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Some kinds of oysters are commonly consumed, cooked or raw, by humans as a delicacy. Other kinds, such as pearl oysters, generally not eaten by humans, are harvested for the pearl produced within the mantle.
First attested in English during the 14th century, the word "oyster" comes from Old French oistre, in turn from Latin ostrea, the feminine form of ostreum, which is the latinisation of the Greek ὄστρεον (ostreon), "oyster". Compare ὀστέον (osteon), "bone".
True oysters are members of the family Ostreidae. This family includes the edible oysters, which mainly belong to the genera Ostrea, Crassostrea, Ostreola, and Saccostrea. Examples include the Belon oyster, eastern oyster, Olympia oyster, Pacific oyster, and the Sydney rock oyster.
Almost all shell-bearing mollusks can secrete pearls, yet most are not very valuable.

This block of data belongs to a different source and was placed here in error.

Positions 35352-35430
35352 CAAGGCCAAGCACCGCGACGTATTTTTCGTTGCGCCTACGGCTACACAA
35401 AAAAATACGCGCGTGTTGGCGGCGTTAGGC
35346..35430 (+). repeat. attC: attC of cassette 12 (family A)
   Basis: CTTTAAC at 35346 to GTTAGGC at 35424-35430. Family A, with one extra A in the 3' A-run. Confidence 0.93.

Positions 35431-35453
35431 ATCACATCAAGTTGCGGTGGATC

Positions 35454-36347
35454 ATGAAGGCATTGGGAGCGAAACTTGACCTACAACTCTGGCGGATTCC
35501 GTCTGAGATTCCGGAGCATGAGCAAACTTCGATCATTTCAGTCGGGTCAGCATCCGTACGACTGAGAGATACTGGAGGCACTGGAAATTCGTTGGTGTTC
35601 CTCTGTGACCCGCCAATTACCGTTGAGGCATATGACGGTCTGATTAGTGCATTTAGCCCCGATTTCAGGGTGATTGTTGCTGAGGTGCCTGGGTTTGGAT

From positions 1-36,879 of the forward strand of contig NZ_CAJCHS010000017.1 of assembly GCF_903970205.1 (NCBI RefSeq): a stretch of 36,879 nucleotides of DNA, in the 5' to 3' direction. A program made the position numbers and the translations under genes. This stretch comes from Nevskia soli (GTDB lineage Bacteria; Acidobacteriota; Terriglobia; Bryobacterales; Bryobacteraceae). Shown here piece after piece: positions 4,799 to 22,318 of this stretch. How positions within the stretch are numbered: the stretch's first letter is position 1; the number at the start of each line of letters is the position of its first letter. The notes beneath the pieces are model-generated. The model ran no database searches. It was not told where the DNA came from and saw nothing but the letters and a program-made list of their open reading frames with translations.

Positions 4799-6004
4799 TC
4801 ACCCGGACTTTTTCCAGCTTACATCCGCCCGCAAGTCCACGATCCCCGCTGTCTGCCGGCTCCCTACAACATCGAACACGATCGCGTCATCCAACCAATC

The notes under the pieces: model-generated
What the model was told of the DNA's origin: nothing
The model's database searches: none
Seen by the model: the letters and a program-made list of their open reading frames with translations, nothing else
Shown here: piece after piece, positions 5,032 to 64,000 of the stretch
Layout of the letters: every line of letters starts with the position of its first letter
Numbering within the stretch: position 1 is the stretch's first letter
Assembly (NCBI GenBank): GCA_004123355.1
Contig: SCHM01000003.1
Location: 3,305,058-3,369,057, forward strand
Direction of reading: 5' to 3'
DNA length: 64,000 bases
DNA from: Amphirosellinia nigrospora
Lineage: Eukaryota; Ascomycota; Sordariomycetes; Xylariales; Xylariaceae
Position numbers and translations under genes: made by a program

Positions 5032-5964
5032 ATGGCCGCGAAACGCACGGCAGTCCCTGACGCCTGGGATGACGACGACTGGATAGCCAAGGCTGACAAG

Pearl oysters are not closely related to true oysters, being members of a distinct family, the feathered oysters (Pteriidae). Both cultured pearls and natural pearls can be obtained from pearl oysters, though other molluscs, such as the freshwater mussels, also yield pearls of commercial value.
The largest pearl-bearing oyster is the marine Pinctada maxima, which is roughly the size of a dinner plate. Not all individual oysters produce pearls naturally. In fact, in a harvest of three tons of oysters, only three to four oysters produce perfect pearls.
In nature, pearl oysters produce pearls by covering a minute invading parasite with nacre. Over the years, the irritating object is covered with enough layers of nacre to become a pearl. The many different types, colours and shapes of pearls depend on the natural pigment of the nacre, and the shape of the original irritant.
Pearl farmers can culture a pearl by placing a nucleus, usually a piece of polished mussel shell, inside the oyster. In three to six years, the oyster can produce a perfect pearl. These pearls are not as valuable as natural pearls, but look exactly the same. In fact, since the beginning of the 20th century, when several researchers discovered how to produce artificial pearls, the cultured pearl market has far outgrown the natural pearl market.